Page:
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back pain

Lower Back Pain

This is a common problem that affects millions of people around the world. Whether it’s due to poor posture, muscle strain, or a medical condition, lower back pain can be debilitating and interfere with daily life. Fortunately, physiotherapy can offer effective relief  without the need for surgery or medication. In this article, we’ll explore how physiotherapy can help you find relief.

What Causes this?

It can be caused by a variety of factors, including poor posture, muscle strain, spinal stenosis, herniated discs, or degenerative disc disease. In some cases, pain can also be a symptom of an underlying medical condition like arthritis, fibromyalgia, or osteoporosis. Regardless of the cause, it can be frustrating and make it difficult to perform daily activities.

How Can Physiotherapy Help?

Physiotherapy can help relieve the pain by addressing the underlying cause of the pain. A physiotherapist will perform a thorough assessment to determine the cause of your pain and develop a personalized treatment plan. Treatment may include exercises to improve mobility, stretches to improve flexibility, and manual therapy to alleviate pain and improve function.

One of the most common techniques used in physiotherapy  is called spinal manipulation. This technique involves the gentle manipulation of the spine to realign vertebrae and alleviate pressure on nerves. Spinal manipulation can also improve range of motion, reduce muscle tension, and improve circulation to the affected area.

Another technique used in physiotherapy  is called McKenzie Therapy. This approach focuses on identifying and treating the specific movements and positions that aggravate. With the guidance of a physiotherapist, you’ll learn exercises and movements to alleviate pain and improve function.

What Are the Benefits of Physiotherapy ?

Physiotherapy offers a number of benefits for those suffering back pain. Unlike medication or surgery, physiotherapy is a non-invasive and drug-free approach to pain relief. Physiotherapy also addresses the root cause, rather than just masking the symptoms. In addition to pain relief, physiotherapy can also improve mobility, flexibility, and overall physical function.


This kind  can be a debilitating condition that interferes with daily life. Fortunately, physiotherapy offers an effective and non-invasive approach to pain relief. By addressing the underlying cause of the pain, physiotherapy can help you find long-term relief. If you’re struggling , contact a physiotherapist today to learn more about how physiotherapy can help. And if you’re in need of top-quality physiotherapy services, be sure to check out Tvasta Care – our experienced and compassionate team is here to help you achieve your goals! Click here to book your appointment.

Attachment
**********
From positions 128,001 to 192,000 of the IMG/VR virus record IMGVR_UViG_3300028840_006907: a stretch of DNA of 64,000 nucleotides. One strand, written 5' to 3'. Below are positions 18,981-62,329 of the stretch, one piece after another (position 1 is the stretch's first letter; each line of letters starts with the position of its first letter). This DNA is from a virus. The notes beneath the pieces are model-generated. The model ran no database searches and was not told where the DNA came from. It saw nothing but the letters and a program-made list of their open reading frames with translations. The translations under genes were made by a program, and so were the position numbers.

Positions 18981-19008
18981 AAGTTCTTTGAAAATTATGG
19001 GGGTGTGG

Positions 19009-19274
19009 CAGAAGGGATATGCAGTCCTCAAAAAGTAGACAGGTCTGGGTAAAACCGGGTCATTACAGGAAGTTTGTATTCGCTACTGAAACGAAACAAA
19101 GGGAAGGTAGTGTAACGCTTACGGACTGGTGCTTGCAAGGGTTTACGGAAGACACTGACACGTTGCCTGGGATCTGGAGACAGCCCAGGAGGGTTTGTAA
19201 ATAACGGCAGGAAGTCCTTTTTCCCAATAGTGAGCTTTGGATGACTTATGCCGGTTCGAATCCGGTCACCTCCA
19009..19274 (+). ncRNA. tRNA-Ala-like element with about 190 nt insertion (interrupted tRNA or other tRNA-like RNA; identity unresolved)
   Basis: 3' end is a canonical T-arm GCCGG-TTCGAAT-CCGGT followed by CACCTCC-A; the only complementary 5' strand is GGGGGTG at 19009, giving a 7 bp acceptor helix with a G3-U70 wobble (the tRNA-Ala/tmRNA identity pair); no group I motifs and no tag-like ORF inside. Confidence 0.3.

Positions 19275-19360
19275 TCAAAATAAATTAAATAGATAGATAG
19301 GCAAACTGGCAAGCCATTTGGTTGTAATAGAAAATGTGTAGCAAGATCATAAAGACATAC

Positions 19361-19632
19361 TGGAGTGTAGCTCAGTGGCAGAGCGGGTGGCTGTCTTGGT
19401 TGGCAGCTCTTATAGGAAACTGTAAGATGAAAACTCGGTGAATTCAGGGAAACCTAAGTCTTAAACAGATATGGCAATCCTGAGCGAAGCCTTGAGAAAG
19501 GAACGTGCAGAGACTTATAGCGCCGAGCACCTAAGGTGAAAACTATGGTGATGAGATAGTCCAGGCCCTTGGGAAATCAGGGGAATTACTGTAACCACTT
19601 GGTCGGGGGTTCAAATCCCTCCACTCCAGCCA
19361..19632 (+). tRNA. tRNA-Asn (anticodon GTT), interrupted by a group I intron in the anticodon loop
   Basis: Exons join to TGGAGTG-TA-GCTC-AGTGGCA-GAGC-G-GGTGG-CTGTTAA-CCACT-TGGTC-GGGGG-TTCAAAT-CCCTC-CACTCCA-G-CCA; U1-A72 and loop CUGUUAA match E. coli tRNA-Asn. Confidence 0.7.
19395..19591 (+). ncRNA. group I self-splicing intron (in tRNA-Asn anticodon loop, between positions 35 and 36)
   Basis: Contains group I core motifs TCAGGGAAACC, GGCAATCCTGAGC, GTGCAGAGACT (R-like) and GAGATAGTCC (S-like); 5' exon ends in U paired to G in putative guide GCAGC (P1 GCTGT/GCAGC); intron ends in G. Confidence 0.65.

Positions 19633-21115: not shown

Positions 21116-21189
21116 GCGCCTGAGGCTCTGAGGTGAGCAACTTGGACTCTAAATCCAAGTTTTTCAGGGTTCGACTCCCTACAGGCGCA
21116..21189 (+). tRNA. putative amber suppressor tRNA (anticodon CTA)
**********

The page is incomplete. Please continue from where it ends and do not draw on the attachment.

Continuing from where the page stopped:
Therapy Found Effective for Carpal Tunnel Syndrome

Carpal Tunnel Syndrome (CTS) is a common condition that affects millions of people worldwide. It is caused by the compression of the median nerve that runs through the carpal tunnel in the wrist, leading to pain, numbness, tingling, and weakness in the hand and wrist. While surgery is often recommended for severe cases, physiotherapy has been found to be an effective non-surgical treatment for CTS.

Physiotherapy for CTS typically involves a combination of exercises and stretches designed to relieve pressure on the median nerve and improve flexibility and strength in the affected area. One common exercise is the nerve gliding exercise, which involves gently moving the affected wrist and hand in various directions to promote blood flow and reduce inflammation. Other exercises may target the muscles and tendons in the forearm and hand to improve grip strength and reduce tension in the affected area.

In addition to exercises, physiotherapists may also use other techniques to relieve symptoms of CTS. One such technique is ultrasound therapy, which involves the use of high-frequency sound waves to reduce inflammation and promote healing in the affected area. Massage therapy may also be used to increase blood flow and reduce tension in the muscles of the wrist and hand.

Another important aspect of physiotherapy for CTS is education and self-care. Physiotherapists can provide guidance on ergonomics and proper posture to reduce strain on the wrists and hands, as well as tips for modifying activities to reduce the risk of aggravating symptoms. They may also recommend the use of splints or braces to immobilize the wrist and reduce pressure on the median nerve during activities that exacerbate symptoms.